Big ball of mud

Way back in the dark mists of the early 2000s design patterns were a new-ish idea. People went crazy for them, no project planning meeting was completed without several links to various design pattern architectures and blah blah. Eventually people realised that the best way to write software was to write software, in an unconscious appeal to the original principles in the Agile Manifesto.

The tools we used that created bazillions of class diagrams that were then translated into incomprehensible Java were quietly put to one side by most people.

Some patterns persist and are useful, things like Factory, and sometimes refactoring to a known pattern can actively simplify how things work. There are also architectural patterns, Martin Fowler wrote an excellent book explaining them and DHH used a lot of them when designing Rails. I think this is why Rails worked so well, it was opinionated software and the opinions were the result of a lot of careful thought and deep experience.

The big ball of mud pattern is what you get when you don’t take steps to design your architecture and instead end up with something that works but is internally incoherent. You see this a lot with successful start up companies. They ran really fast, didn’t try to follow the long-term survival practices such as behaviour driven development. If they are successful, after about 18 months everything comes to an abrupt halt because it’s extremely hard to maintain and full of decisions which hindsight indicates are now poor and inflexible.

I contend that there is also an organisational equivalent, you end up with the structure that’s obvious when confronted with the next problem, and suddenly we have dev teams that work on the same thing but different, and devops because everyone else has one, and the sales teams are using squads because it’s hip and everyone’s in too much of a hurry to read Deming or Goldratt and properly think about what works, for them, now.

Conway’s law

This was originally meant as a joke but it’s been seen in the wild so many times that it isn’t one any longer. Put simply, the architecture of the software you build and the way your organisation is structured will mirror each other. in essence, if you have a pragmatic ball of mud with muddy communications then so will the software you produce.

Whirlpool of mud

So you end up with a self-reinforcing pragmatic organisation that will continue to create muddy solutions with muddy architectures for muddy conceptions of what your customers want. You need to be as deliberate about your organisation’s structure as you are about the software you need to run it.

Successful systems

A system that works is built from multiple smaller systems that also work. This sounds obvious but people often ignore broken or poorly performing sub systems and throw things together.

Poor process produces poor outcomes

It’s there in the section title, mud breeds mud, haste breeds waste, rushing breeds redoing, inconsistency breeds incoherence.


Not addressing the mud means you are just wishing that it will go away. This doesn’t generally work that well, but you often find it if you’re working with people who have read too many self-help books that tell you how to build more confidence by affirmations confusing their desires with what causality makes possible.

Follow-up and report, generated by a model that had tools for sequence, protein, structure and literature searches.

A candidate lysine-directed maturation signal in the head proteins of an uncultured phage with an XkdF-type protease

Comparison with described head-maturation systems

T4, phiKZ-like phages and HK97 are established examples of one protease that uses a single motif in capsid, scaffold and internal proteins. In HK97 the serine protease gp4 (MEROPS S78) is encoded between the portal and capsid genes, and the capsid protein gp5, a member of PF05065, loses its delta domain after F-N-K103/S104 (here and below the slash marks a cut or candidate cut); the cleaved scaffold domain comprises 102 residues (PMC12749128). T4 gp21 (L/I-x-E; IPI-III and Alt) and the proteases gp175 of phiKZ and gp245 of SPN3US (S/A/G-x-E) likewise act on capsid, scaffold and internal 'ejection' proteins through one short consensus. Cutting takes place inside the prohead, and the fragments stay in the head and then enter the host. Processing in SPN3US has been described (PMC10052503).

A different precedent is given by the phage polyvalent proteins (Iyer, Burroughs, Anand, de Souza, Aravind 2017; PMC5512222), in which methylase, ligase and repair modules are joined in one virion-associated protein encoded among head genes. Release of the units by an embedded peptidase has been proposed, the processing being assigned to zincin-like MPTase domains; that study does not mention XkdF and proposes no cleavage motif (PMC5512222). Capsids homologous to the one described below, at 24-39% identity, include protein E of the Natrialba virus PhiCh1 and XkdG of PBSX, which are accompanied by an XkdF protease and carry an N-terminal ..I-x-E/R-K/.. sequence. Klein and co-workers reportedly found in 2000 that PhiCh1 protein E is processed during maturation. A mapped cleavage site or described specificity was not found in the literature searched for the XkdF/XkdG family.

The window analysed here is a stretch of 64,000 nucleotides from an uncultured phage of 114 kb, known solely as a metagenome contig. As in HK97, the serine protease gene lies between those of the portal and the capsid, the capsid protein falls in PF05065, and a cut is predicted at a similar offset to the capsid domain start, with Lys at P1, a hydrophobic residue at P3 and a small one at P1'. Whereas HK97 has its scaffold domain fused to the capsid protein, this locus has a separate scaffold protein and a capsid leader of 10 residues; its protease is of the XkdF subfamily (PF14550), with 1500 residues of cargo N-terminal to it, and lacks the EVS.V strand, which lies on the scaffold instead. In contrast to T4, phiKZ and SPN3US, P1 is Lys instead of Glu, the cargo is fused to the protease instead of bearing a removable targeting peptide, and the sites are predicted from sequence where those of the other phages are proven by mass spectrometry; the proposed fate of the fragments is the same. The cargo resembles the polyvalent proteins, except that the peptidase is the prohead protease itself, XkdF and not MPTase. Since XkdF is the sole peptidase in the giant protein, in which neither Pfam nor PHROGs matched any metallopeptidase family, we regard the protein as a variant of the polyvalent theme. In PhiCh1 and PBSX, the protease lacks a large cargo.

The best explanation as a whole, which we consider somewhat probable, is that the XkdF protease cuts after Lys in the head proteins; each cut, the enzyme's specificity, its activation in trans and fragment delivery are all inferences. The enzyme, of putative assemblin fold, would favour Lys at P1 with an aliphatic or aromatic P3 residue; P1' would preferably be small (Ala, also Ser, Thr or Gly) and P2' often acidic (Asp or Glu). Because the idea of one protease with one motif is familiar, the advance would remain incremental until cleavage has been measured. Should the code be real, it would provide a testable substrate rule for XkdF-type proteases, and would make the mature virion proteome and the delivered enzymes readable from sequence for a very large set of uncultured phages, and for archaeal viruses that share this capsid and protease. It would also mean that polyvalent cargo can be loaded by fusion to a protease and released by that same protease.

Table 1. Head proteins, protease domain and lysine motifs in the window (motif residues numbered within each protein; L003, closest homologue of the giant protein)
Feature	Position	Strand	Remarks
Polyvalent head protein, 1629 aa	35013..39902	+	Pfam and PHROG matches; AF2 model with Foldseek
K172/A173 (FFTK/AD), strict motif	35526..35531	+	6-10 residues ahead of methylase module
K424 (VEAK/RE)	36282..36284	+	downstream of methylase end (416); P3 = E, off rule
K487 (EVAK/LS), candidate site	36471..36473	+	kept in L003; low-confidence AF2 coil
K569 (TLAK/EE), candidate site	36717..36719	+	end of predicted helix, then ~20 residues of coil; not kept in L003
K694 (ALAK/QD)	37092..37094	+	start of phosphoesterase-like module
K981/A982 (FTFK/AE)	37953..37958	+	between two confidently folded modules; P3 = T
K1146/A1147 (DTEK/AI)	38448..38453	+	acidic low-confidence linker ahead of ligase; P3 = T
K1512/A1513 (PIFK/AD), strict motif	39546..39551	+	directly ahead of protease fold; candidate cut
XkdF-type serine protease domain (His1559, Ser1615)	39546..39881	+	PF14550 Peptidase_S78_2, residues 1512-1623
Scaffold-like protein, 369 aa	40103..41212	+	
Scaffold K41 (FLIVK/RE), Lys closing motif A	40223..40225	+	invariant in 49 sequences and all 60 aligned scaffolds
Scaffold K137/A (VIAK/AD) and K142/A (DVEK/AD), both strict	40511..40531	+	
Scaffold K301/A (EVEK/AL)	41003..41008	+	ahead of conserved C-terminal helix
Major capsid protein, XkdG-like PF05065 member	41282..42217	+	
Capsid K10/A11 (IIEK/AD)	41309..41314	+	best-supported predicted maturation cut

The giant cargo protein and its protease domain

Sales driven organisations can suffer really badly from this.

Solutions – a starter

Constancy of purpose

When I used to run the Lean Teams consultancy the very first thing I used to do when I ran a workshop for my clients was a session about constancy of purpose. In a nutshell, can you write down what your organisation does in a sentence or two? When you make decisions do they align with it or not? If not, don’t!

The other thing this helps to do is identify people’s needs. Customers and organisation.

Note it all down

  • Identify teams
  • Define responsibilities
  • Define info flows and transformations
  • Use the documentation to create consensus

Be mindful of Conway’s law, is the shape of the organisation correct for what you’re trying to do? Also, noting down means using pictures, long screeds of text are hard to write accurately and follow precisely. Interaction diagrams with notes where it works are by far the best way of doing this.

Double Looped learning

  • Single looped learning is being able to turn a handle and get a result.
  • Double looped is knowing what the objective is behind the turning of the handle and maybe changing it.

You need to get to single loop first. You will have a rough idea of what needs to be done and need to work out how to do it. Again, use pictures. Only attending to the single loop can make you very myopic and changes outside the loop can remove the need for it, causing you to waste your time.

Have a look here.

Good processes

Good processes have these qualities

  • Repeatability
  • Lightweight
  • Well defined interfaces with other processes
  • Learning
  • Less than ten steps

Lightweight means that a decent level of automation is also required – being able to repeat something that involves twenty manual steps which could be forgotten is not scaleable or useful.

Putting it together

After writing it all down draw your processes end to end.

  • Do they match the constancy of purpose?
  • Can they be done within one team?
  • Do they pass through many teams?
  • Have you documented any data transformations needed when passing between teams or roles?

Once you have this you need to start building the second loop. Constancy of purpose should be giving you an idea of the value each process and step adds, lots of data transforms means you’re involving lots of different teams or functional areas – is that a good idea?

The next thing you need to do is work on a consensus about how things are done.

Then it’s time to start thinking about the second loop. If you do some googling you will find that there are even more.